That was then. This is now.
NBC anchorman Brian Williams embellished his experiences during the first Gulf War and has lost practically all journalistic credibility. Williams claimed that he was riding in a helicopter that took on enemy fire when it turns out his aircraft was not in harm’s way. His recent retelling of the false story has resulted in a six-month suspension though it’s unlikely that he will be allowed to return to his job.
Fox News pundit Bill O’Reilly has twisted the facts of events in his career, both on his television show and in his bestselling books. He has claimed to have reported from a war zone when he was actually over a thousand miles away… and he told various tales of witnessing violence, including suicides and murder, though there are recordings that prove that he did not experience those events in person.
Now, I’m not here to rip on Williams or O’Reilly. They’re big boys who will weather these storms. Both are financially secure and will continue to be well-compensated. O’Reilly, for one, seems to be thriving from the publicity as his TV ratings have inched upward in the wake of this controversy. And while Williams will not be a network news anchor ever again, it is quite possible that he will succeed Jon Stewart as host of The Daily Show later this year.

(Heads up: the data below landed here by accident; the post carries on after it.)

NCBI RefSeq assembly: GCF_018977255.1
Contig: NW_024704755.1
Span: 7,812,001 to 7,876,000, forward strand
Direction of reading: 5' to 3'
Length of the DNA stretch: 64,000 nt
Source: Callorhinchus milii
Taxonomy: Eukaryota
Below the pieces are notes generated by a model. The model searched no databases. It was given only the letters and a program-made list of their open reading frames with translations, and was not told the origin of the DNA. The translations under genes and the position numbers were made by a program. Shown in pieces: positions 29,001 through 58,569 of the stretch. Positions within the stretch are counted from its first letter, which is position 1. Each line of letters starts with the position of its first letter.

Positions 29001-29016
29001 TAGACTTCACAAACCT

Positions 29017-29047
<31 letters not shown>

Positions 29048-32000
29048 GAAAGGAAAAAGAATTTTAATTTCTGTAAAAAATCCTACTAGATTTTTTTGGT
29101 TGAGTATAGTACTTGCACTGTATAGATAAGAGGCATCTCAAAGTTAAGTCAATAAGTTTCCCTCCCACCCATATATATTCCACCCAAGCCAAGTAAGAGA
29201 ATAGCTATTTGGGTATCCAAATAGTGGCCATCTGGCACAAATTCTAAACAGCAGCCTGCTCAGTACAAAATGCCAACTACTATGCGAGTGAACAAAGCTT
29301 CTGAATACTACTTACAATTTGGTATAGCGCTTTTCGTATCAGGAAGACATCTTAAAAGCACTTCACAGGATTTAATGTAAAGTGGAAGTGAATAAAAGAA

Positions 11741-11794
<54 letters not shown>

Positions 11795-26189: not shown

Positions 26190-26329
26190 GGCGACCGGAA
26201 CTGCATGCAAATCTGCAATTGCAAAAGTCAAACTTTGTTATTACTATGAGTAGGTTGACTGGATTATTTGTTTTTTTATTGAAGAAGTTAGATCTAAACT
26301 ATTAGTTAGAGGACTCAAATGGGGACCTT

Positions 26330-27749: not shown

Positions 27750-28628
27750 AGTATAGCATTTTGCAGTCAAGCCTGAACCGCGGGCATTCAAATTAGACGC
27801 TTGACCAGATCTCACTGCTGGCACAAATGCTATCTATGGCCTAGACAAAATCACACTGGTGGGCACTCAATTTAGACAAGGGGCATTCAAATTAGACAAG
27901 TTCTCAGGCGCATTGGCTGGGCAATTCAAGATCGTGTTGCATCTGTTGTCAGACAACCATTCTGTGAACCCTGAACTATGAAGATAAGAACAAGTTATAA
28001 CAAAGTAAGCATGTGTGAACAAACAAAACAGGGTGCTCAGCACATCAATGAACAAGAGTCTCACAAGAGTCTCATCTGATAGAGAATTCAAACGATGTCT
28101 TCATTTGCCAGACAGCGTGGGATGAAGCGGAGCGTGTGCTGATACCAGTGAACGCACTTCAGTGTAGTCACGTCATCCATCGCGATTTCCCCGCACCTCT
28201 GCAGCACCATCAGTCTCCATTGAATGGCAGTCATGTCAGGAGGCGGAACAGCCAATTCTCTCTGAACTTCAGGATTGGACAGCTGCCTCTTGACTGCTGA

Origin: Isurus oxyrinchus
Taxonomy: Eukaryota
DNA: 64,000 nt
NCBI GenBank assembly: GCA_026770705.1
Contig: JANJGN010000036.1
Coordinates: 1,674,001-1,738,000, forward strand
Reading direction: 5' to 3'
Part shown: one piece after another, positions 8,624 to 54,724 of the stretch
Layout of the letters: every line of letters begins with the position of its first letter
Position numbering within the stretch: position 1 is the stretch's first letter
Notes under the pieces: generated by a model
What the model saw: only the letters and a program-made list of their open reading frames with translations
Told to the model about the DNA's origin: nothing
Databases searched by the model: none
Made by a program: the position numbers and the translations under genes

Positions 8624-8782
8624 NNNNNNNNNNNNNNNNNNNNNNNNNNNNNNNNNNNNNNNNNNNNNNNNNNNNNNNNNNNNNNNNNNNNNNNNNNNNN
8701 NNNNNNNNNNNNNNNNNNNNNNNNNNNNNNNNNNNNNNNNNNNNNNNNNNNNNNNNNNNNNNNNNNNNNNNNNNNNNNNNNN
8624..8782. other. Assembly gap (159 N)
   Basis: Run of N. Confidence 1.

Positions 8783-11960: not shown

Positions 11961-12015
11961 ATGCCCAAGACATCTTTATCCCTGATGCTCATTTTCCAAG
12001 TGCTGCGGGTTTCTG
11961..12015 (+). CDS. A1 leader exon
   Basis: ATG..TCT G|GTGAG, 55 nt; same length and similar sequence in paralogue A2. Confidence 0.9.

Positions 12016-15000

No, there’s no need to shed tears for either.
The thing is… we the viewing audience are expected to believe what we’re told by the people in front of the camera. Somehow, we believe that the person on television has credibility simply because of their stature… that certainly they are trustworthy or else they wouldn’t have been given such a prestigious post from which to report. Often, such as in the case of Williams and O’Reilly, we are misled. Our trust is broken. In some cases, we demand justice in the form of dismissal.
But perhaps we are too eager to be trusting. Just because people are made famous because of their position doesn’t automatically grant them some form of trustworthiness. I want someone to earn my trust. I have no intention of flipping the channel to some talking head on the news and granting that person my undying loyalty simply because he looks like someone who is telling the truth. I expect more, and so should you. Listen to what a person says, but do your own research. Don’t be so willing to be spoon-fed a few headlines when you should hunger for the details… so you can piece together your own informed opinion.